Might Edwards be wondering if he’d have been better off at Florida State or Kentucky or Duke or Kansas, other schools he considered?
Jordan: “This is one thing for sure: He would not have had the opportunity to put up as many shots as he’s put up at UGA and do the things he’s done to be staying the No. 1 pick in the draft. You’ve got to take the good with the bad. He probably does think those things. Why wouldn’t he? But I think we’ve also got to be a little realistic here: Would he still be the No. 1 pick in the draft?”
Then: “Is it a hard situation — me, watching them lose? It’s hard. But you hope. People learn from situations. You hope that Anthony learns something; you hope Tom learns something. Maybe Tom can’t take the one-and-done kids. The kind of coach he is, he’s more a development guy. If you’ve only got a kid eight months, there’s nothing you can really teach him.”
For the record, Crean believes Edwards has learned much, saying: “He’s a very young 18-year old; he should be a high school senior.” (Edwards reclassified while at Holy Spirit Prep.) “We’re trying to speed up the process.”
Then: “When you have seven new scholarship freshmen, you have no idea what you’re going to get. You really don’t understand what the process is until you go through it. When you’re this young, your margin for error is not that high. You’ve got to have a lot of things go right. We’ve had big leads and couldn’t hold them. We couldn’t close off the dribble and we didn’t shoot well. We lost Nicolas Claxton (who left for the NBA after his sophomore season). We weren’t built to lose a guy like that. We don’t have size matchups. We can’t just throw it inside and get a basket.”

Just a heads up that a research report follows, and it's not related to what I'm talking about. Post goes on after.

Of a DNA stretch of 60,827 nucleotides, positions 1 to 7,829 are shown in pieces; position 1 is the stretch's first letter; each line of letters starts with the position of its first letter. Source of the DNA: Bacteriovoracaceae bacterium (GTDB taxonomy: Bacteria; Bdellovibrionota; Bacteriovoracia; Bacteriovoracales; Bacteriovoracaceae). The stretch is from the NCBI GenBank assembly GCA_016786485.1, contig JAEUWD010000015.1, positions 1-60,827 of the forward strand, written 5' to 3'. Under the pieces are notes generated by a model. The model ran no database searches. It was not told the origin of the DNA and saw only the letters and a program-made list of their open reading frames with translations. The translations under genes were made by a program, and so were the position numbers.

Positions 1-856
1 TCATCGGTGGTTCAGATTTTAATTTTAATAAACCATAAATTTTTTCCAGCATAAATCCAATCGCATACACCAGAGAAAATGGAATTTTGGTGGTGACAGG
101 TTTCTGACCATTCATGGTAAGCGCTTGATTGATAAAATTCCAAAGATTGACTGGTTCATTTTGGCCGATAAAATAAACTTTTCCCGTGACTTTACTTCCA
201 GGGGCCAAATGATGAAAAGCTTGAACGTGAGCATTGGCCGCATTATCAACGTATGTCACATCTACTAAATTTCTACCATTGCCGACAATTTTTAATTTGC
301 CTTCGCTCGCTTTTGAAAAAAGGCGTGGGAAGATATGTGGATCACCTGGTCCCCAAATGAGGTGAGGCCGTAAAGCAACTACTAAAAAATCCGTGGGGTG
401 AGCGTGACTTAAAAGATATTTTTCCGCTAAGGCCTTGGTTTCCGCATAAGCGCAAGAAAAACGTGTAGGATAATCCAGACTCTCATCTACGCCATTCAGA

As an individual, Edwards has essentially been as good as advertised. He averages 19 points, 5.3 rebounds and 2.9 assists. He also has, as Jordan noted, taken 123 more shots than any other Bulldog. (He leads the SEC in that category.) Maybe that’s why the happiest one-and-done experiences come in clusters. At Duke or Kentucky, you’ll never be the only hot recruit, so you’ll never feel you’re the only player capable of winning a game.
Asked if this season would deter him from pursuing other one-and-dones, Crean said: “No, not at all. I just hope we’d have older guys around him.”
Then, of Edwards: “He’s learning so much. It’s the age. They just don’t know. They just don’t know that they don’t know. We’ve got good kids. They just haven’t been through college basketball before. Anthony has made so many strides. I’ll give you an example: Friday’s practice didn’t start out very well for him, and then he turns it up. He’s learning to take it to another level. Everything he learns at the college level is for the first time, and he’s getting everybody’s best shot times two and three. They’re all trying to stop him.”
That said, nobody expected a team with the nation’s top recruit to be in the position of having to win the SEC tournament to crack the NCAA field. This isn’t what anybody had in mind, the Ant Man included. On the day he told the world he’d sign with Georgia, Edwards was asked what he foresaw for his freshman season. “National championship,” he said.